The remainder of this paper is organised as follows. Section 2 provides the model descriptions of the Weather Research and Forecasting–Sparse Matrix Operator Kernel Emissions–Comprehensive Air Quality Model with extensions (WRF-SMOKE-CAMx) model system, including meteorological fields, air quality model descriptions, the model domain, the emission inventory, and the processes. Section 3 presents the design of the sensitivity experiments for the different initial conditions and emissions. Section 4 discusses the model performance of the initial condition tests and emission tests with respect to simulating the PM2.5 concentration in Xi'an. The conclusions are presented in Sect. 5.
In this study, the National Center for Atmospheric Research (NCAR) Weather Research and Forecasting (WRF v18.104.22.168) model (Skamarock et al., 2008), the Center for Environmental Modeling for Policy Development (CEMPD) Sparse Matrix Operator Kernel Emissions (SMOKE v2.4; Houyoux and Vukovich, 1999), and the Ramboll Environmental Comprehensive Air Quality Model with Extensions (CAMx v6.1; ENVIRON, 2013) were used to construct the air quality modelling system, as shown in Fig. 1. The WRF model provided the meteorological conditions for the SMOKE and CAMx models. The SMOKE model was used to process the emissions data and provide 4-D, model-ready gridded emissions for the CAMx air quality model.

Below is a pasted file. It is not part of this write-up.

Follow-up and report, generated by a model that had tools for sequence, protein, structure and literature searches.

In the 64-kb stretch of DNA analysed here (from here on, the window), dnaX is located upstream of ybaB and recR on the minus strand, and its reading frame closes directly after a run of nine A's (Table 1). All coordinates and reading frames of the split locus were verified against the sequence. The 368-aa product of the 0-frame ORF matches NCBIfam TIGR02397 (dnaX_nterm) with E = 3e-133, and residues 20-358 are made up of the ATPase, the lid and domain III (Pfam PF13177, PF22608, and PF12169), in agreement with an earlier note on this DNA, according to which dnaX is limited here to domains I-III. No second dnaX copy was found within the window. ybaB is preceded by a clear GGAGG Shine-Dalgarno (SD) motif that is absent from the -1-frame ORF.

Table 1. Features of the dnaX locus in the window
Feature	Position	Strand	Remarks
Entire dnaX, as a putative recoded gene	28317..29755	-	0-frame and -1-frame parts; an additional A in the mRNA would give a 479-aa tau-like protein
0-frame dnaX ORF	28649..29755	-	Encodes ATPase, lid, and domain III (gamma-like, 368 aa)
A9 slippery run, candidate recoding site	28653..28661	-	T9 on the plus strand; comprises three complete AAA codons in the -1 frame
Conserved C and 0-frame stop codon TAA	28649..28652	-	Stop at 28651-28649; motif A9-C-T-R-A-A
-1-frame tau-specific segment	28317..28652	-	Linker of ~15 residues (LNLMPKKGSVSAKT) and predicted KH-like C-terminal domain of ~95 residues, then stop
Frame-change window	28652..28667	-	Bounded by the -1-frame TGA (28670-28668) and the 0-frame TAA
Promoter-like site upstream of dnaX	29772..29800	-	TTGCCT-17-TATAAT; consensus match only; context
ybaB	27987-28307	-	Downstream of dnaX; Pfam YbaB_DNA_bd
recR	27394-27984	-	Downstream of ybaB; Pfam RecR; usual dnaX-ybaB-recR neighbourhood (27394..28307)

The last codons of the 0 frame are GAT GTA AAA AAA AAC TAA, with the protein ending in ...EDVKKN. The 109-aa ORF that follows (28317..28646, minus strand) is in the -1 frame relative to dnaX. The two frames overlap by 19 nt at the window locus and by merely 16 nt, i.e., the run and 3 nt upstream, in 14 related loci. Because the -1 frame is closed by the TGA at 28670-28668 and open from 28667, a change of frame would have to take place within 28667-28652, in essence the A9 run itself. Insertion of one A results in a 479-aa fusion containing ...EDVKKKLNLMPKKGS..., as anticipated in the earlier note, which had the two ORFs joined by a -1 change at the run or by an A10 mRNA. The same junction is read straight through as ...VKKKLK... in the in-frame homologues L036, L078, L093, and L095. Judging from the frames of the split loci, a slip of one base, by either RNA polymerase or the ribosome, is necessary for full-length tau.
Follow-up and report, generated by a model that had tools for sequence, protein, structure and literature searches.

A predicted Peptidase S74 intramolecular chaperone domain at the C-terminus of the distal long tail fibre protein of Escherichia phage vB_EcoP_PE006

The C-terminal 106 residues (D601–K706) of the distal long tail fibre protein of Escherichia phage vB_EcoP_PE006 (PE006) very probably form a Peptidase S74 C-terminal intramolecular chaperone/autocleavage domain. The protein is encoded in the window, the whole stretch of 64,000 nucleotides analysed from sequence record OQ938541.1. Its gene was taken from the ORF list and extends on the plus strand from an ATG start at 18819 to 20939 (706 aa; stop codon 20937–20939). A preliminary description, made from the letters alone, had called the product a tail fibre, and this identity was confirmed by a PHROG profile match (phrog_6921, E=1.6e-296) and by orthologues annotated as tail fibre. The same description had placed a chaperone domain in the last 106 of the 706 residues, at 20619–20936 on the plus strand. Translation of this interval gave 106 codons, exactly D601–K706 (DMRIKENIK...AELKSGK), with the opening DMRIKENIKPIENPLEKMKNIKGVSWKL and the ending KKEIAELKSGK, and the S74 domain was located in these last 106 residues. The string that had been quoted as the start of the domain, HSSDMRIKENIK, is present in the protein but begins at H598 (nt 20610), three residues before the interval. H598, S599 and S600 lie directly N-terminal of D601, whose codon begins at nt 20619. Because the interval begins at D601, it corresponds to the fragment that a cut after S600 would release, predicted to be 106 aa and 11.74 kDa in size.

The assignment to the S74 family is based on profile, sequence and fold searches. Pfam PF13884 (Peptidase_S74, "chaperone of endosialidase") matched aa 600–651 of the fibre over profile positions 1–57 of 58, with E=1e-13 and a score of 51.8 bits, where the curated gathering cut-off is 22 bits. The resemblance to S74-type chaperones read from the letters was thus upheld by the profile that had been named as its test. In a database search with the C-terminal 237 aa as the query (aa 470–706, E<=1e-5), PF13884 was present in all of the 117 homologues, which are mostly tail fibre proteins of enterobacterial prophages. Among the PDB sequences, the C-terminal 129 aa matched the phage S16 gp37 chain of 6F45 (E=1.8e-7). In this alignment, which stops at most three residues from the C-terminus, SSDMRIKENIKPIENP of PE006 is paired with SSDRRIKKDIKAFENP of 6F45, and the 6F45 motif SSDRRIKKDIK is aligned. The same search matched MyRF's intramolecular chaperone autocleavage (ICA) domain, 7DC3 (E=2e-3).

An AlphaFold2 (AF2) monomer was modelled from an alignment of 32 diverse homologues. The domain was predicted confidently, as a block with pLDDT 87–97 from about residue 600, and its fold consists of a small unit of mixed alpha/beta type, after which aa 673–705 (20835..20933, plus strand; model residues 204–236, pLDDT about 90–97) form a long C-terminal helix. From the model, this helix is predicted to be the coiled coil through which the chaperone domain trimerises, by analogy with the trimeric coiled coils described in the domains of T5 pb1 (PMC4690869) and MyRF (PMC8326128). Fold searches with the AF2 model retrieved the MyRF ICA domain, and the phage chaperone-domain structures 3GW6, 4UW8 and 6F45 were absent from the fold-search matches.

2.1 Meteorological fields
For the WRF model configuration, we chose the Rapid Radiative Transfer Model (RRTM; Mlawer et al., 1997) and Dudhia scheme for long-wave and short-wave radiation options (Dudhia, 1989), WSM3 cloud microphysics (Hong et al., 2004), the Yonsei University (YSU) scheme (Hong et al., 2006), the Kain–Fritsch (new Eta) cloud parameterisation (Kain, 2004), and a five-layer thermal diffusion scheme (Dudhia, 1996). The meteorological initial and boundary conditions were derived from the National Centers for Environmental Prediction (NCEP) Final Analysis (FNL) Operational Global Analysis data, with a 1∘ × 1∘ spatial resolution and 6 h temporal resolution (National Centers for Environmental Prediction/National Weather Service/NOAA/U.S. Department of Commerce, 2000). The simulation was conducted between 20 November 2016 and 20 January 2017.